Amanda Warner

    Wow. Heart wrenching. Powerful. Eye opening. I couldn't put this book down! If you want to put a face to the Syrian refugee crisis, read this book. It's a rare, close-up into the life of a Syrian refugee, Doaa, a brave young girl who survived insurmountable odds. This is a MUST READ. (Thank you, Doaa, for letting us hear your story. I wish you peace and healing.) Wow. Heart wrenching. Powerful. Eye opening. I couldn't put this book down! If you want to put a face to the Syrian refugee crisis, read this book. It's a rare, close-up into the life of a Syrian refugee, Doaa, a brave young girl who survived insurmountable odds. This is a MUST READ. (Thank you, Doaa, for letting us hear your story. I wish you peace and healing.)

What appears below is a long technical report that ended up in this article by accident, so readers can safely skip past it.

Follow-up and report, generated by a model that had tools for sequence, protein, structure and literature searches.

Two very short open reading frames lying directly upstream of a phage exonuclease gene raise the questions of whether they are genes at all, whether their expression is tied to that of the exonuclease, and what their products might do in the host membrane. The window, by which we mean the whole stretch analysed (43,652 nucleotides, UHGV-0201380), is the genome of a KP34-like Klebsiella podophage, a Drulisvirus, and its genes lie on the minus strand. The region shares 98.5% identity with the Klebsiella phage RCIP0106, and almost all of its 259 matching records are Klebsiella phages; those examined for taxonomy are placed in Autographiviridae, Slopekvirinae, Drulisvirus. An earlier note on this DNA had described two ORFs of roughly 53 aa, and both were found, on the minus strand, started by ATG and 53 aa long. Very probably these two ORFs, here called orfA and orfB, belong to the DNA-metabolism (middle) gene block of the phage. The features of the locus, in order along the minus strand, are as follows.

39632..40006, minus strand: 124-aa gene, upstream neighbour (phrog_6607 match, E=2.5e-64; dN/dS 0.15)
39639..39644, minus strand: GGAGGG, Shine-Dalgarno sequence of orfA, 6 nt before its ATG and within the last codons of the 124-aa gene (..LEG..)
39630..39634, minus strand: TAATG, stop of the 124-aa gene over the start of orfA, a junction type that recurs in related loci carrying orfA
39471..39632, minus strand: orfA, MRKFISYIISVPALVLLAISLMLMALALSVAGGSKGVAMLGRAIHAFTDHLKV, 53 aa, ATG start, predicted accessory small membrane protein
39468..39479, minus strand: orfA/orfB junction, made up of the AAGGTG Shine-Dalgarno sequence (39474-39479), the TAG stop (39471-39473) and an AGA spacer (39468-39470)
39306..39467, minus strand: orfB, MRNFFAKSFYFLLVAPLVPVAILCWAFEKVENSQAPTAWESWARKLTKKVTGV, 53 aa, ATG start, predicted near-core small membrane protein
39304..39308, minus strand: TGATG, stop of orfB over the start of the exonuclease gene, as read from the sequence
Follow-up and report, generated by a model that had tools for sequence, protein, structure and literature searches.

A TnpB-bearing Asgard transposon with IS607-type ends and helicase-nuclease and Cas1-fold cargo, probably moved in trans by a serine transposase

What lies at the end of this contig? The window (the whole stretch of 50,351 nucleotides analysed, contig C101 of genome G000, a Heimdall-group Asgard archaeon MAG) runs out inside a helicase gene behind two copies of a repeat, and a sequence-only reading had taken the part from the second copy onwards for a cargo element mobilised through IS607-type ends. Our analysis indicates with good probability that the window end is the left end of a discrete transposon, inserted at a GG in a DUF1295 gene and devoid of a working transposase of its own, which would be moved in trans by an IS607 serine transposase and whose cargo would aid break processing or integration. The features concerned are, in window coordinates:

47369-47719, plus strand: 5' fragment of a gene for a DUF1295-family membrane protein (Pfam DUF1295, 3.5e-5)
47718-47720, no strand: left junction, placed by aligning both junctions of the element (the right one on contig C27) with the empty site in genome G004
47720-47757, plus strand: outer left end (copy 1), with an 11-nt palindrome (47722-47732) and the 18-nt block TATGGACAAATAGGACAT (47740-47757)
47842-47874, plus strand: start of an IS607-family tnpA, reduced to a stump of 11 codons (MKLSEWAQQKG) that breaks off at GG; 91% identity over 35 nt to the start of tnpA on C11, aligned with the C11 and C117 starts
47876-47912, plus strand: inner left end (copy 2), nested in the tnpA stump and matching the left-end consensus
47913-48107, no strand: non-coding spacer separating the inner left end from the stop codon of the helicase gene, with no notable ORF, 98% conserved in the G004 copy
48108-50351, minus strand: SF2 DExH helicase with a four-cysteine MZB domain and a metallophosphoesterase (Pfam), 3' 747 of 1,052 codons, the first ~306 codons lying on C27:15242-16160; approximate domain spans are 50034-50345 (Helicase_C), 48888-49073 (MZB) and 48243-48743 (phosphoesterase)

6. 4 out of 5

    aPriL does feral sometimes